I had heard about how various news aggregators and blogs can be manipulated, and how there is a lot of spam out there that aims to manipulate various advertising markets (for arbitrage), mostly through SEO techniques. But I always thought that the "credible" news sources were still more or less trustworthy; this book totally debunks that idea.
I enjoyed the tidbits of journalism history thrown in, as well as all the quotes from other authors and journalists. I felt like the book rambled a bit with SO many examples of blatant manipulation, but that did serve its purpose, I guess.
The biggest surprise for me was how easily fake news and fake controversy can be implanted in a blog, then "traded up the chain" to larger blogs and then eventually the national news sources, and then have such devastating effects on REAL LIFE that the fake becomes real. That's definitely scary.
This is obviously one author's viewpoint. I'm curious to hear what others have to say (and I'm scared for the author's life...).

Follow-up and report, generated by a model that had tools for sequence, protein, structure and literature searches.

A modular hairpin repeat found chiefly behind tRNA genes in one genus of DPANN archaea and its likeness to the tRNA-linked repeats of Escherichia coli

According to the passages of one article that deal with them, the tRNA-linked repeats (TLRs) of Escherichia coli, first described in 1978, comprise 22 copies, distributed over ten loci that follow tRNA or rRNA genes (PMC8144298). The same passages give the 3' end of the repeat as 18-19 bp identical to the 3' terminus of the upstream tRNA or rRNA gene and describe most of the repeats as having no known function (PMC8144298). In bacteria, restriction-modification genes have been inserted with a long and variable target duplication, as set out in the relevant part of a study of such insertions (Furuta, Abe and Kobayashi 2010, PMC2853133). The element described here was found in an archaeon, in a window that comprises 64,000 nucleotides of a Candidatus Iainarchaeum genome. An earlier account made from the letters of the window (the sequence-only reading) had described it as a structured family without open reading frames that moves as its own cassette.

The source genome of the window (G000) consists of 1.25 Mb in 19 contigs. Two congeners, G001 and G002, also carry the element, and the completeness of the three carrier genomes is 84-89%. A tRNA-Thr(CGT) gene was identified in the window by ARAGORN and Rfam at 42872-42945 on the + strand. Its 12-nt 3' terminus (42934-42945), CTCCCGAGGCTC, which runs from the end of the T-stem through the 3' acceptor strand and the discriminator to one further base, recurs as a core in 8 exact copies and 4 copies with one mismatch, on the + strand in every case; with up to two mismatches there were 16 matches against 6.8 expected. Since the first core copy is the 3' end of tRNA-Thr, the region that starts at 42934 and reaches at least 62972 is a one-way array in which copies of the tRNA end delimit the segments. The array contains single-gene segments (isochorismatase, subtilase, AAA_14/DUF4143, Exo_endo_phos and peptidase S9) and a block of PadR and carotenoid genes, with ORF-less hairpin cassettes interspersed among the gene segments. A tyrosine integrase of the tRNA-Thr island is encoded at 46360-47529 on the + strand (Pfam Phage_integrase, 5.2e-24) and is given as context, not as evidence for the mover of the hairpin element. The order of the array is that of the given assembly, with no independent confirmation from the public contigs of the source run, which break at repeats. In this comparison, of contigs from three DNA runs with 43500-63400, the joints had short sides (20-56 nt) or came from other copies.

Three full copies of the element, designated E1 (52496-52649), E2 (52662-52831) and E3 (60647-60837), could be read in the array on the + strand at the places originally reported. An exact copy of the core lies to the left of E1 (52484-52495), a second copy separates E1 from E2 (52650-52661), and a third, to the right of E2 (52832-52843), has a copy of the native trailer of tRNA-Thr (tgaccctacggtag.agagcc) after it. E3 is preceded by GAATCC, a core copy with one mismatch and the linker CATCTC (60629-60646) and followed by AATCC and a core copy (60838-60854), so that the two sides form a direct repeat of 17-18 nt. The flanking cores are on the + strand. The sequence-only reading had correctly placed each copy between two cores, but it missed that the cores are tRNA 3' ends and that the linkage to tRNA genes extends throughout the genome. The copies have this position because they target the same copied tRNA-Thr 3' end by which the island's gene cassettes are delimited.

Book 1: feeding the monster: how blogs work
Ch 2 how to turn nothing into something in 3 steps
Ch 3 the blog con: how media companies make money online
Ch 4 tactic 1: bloggers are poor, help bloggers pay their bills
Ch 5 tactic 2; tell them what they want to hear
Ch 6 tactic 3: give them what spreads, not what's good
Ch 7 tactic 4; help them trick their readers
Ch 8 tactic 5: sell them something they can sell, one off effect
Ch 9 tactic 6: make it all about the headline
Ch 10 tactic 7 kill them with page view kindness
Ch 11 tactic 8 use the tech against itself
Ch 12 tactic 9 just make stuff up
Book 2 the monster attacks: what blogs mean
Ch 13 toxic blood
Ch 14 manipulator hall of fame
Ch 15 cupid evil: online tactics that drug u and me
Ch 16 link economy, delusion of sourcing
Ch 17 extortion via the web
Ch 18 online journalism bogus philosophy
Ch 19 myth of corrections
Ch 20 cheering on our own deception
Ch 21 dark side of snark
Ch 22 21st century degradation ceremony
Ch 23 welcome to unreality
Ch 24 how to read a blog